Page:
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NI Solo Sailor Andrew Baker to Race #SeaChange in Solitaire Bompard Le Figaro

15th June 2016
Andrew Baker from Strangford Lough Andrew Baker from Strangford Lough

Northern Ireland solo sailor Andrew Baker has announced his support of UKSA’s youth development campaign ‘#SeaChange’ during the 2016 Solitaire Bompard Le Figaro.

#SeaChange provides life-changing opportunities to schools and groups, disadvantaged and disaffected young people who are not in education, employment or training (NEETs) and young offenders. A common theme for many of these individuals is the low expectation they have of themselves and #SeaChange challenges them to transform and to create opportunities for themselves.

By naming Baker’s blue and white Figaro #SeaChange ahead of the 1525nm race between Deauville, Cowes, Paimpol and La Rochelle, the sailor hopes to raise awareness of the initiative among sailing fans, the media and public across the United Kingdom. For UKSA, Baker is the perfect ambassador to inspire support.

“I’m proud to be supporting the #SeaChange campaign during the Solitaire Bompard Le Figaro and hope through my connection with UKSA and participation in this epic race I am able inspire young people to get into sailing,” he said.

Out sailing with his Dad as soon as he could walk, Baker recognises the importance of getting children into sailing at a young age and the life skills a career on the water can provide.

“#Seachange is a cause I can really relate to,” Baker continued. “I’ve been sailing since a very young age and I have learned so much from the sport. It teaches you about independence, hard work, motivation, determination, camaraderie, the environment and so much more. Being out on the water is such an invaluable experience and I fully support UKSA in their mission.”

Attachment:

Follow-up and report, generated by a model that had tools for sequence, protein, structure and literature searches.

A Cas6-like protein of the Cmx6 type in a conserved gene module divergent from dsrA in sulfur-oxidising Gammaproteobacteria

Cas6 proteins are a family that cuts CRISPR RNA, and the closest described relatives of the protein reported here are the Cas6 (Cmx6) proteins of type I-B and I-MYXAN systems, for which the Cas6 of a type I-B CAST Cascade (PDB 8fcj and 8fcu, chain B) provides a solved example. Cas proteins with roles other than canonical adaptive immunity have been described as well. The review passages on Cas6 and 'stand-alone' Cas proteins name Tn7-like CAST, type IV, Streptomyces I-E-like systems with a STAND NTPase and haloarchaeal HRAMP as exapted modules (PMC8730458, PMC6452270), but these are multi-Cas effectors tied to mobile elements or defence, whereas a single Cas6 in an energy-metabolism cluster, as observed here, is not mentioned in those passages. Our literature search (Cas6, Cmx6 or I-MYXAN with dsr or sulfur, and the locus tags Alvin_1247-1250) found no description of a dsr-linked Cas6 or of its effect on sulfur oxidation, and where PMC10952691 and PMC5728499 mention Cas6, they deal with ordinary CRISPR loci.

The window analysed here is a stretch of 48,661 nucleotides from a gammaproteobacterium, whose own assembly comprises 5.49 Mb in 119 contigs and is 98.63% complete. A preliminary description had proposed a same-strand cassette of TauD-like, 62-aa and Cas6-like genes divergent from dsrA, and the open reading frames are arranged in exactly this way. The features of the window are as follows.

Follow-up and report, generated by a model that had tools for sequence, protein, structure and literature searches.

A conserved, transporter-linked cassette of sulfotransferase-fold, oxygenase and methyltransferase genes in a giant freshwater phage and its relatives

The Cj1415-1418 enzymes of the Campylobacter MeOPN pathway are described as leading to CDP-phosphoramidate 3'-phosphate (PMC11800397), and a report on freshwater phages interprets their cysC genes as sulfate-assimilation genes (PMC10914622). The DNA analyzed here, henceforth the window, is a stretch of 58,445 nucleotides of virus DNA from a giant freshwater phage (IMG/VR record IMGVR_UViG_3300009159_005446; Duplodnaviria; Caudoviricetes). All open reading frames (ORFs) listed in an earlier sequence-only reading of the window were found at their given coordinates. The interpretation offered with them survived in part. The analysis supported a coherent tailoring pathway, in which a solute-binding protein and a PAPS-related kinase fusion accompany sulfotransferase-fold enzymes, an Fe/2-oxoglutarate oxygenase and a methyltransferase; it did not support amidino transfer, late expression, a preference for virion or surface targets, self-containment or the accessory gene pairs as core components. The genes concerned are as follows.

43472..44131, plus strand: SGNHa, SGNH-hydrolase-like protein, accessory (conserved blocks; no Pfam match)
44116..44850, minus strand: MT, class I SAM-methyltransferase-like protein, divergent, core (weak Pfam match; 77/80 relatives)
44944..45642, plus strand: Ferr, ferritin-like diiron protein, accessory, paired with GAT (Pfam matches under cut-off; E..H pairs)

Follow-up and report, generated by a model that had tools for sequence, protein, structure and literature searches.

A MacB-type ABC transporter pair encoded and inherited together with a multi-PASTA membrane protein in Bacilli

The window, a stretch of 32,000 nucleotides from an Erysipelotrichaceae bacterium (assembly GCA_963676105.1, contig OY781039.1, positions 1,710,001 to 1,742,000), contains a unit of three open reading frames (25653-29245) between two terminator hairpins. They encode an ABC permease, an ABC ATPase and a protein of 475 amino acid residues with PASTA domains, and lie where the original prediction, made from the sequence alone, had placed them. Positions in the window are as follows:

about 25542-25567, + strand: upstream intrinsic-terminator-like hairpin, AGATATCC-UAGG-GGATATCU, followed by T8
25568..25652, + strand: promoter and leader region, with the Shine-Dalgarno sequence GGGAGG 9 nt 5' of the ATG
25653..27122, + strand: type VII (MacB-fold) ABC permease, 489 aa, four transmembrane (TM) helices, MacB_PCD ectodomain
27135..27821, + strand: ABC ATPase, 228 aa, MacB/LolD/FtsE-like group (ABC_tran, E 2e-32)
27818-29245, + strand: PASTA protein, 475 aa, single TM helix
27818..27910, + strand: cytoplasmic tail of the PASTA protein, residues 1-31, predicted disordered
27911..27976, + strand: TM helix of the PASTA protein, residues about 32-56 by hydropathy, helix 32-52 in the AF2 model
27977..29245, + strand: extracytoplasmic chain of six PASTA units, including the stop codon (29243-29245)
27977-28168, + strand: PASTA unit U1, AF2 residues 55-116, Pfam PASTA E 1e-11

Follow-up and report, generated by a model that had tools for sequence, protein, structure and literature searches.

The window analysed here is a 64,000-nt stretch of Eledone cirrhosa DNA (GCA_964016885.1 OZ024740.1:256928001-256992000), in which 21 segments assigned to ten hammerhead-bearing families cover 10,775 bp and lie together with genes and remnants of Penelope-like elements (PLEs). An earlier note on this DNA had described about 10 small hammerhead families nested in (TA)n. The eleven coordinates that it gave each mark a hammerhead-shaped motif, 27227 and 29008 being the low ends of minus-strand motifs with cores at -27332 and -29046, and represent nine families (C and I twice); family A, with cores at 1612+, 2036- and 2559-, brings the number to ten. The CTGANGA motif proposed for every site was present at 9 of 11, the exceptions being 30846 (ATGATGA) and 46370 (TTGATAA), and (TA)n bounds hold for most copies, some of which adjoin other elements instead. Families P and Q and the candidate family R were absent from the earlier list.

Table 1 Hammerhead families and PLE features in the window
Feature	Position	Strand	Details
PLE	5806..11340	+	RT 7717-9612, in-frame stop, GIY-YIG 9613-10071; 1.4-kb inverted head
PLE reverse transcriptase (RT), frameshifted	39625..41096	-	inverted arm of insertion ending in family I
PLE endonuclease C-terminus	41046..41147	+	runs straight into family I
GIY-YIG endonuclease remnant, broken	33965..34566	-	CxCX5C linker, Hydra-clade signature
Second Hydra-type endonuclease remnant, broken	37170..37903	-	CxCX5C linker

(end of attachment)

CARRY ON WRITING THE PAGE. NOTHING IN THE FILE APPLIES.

The official charity of this year’s UK Solitaire stopover in Cowes, UKSA will be present in the Race Village between 22nd and 26th June offering try sailing, a sailing simulator, interactive game and fund raising.

Ben Willows, Chief Executive of UKSA, is proud to lend the name to Baker’s Figaro for the race, and looks forward to welcoming the sailor to Cowes in a week’s time.

“It is fantastic that Andrew has re branded his boat #SeaChange,” he said. “We are really proud to be a part of La Solitaire Bompard Le Figaro’s UK stopover and to share our #SeaChange message."

“Our ground breaking youth development programmes use water based activities to provide students with both the qualifications and skills to develop themselves. We see first-hand how confidence is developed, as young people are motivated by the prospect of a brighter future; re-engaging with education, further training or a successful transition into to employment.”

Published in Figaro

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The Solitaire du Figaro, was originally called the course de l’Aurore until 1980, was created in 1970 by Jean-Louis Guillemard and Jean-Michel Barrault.

Half a decade later, the race has created some of France's top offshore sailors, and it celebrates its 50th anniversary with a new boat equipped with foils and almost 50 skippers Including novices, aficionados and six former winners.

The solo multi-stage offshore sailing race is one of the most cherished races in French sailing and one that has had Irish interest stretching back over 20 years due to the number of Irish stopovers, usually the only foreign leg of the French race.

The race has previously called to Dingle, Kinsale, Crosshaven, Howth and Dun Laoghaire.

In 2013 Royal Cork's David Kenefick raised the bar by becoming a top rookie sailor in the race

In 2018, for the first time Ireland will have two Irish boats in the offshore race thanks to Tom Dolan and Joan Mulloy who join the rookie ranks and keep the Irish tricolour flying high in France. 

The 2019 course is more Than 2,000 miles between Nantes, Kinsale (Ireland), Roscoff and Dieppe and is the longest in the race's history.

 

At A Glance – Figaro Race

  • It starts in June or July from a French port.
  • The race is split into four stages varying from year to year, from the length of the French coast and making up a total of around 1,500 to 2,000 nautical miles (1,700 to 2,300 mi; 2,800 to 3,700 km) on average.
  • Over the years the race has lasted between 10 and 13 days at sea.
  • The competitor is alone in the boat, participation is mixed.
  • Since 1990, all boats are of one design.

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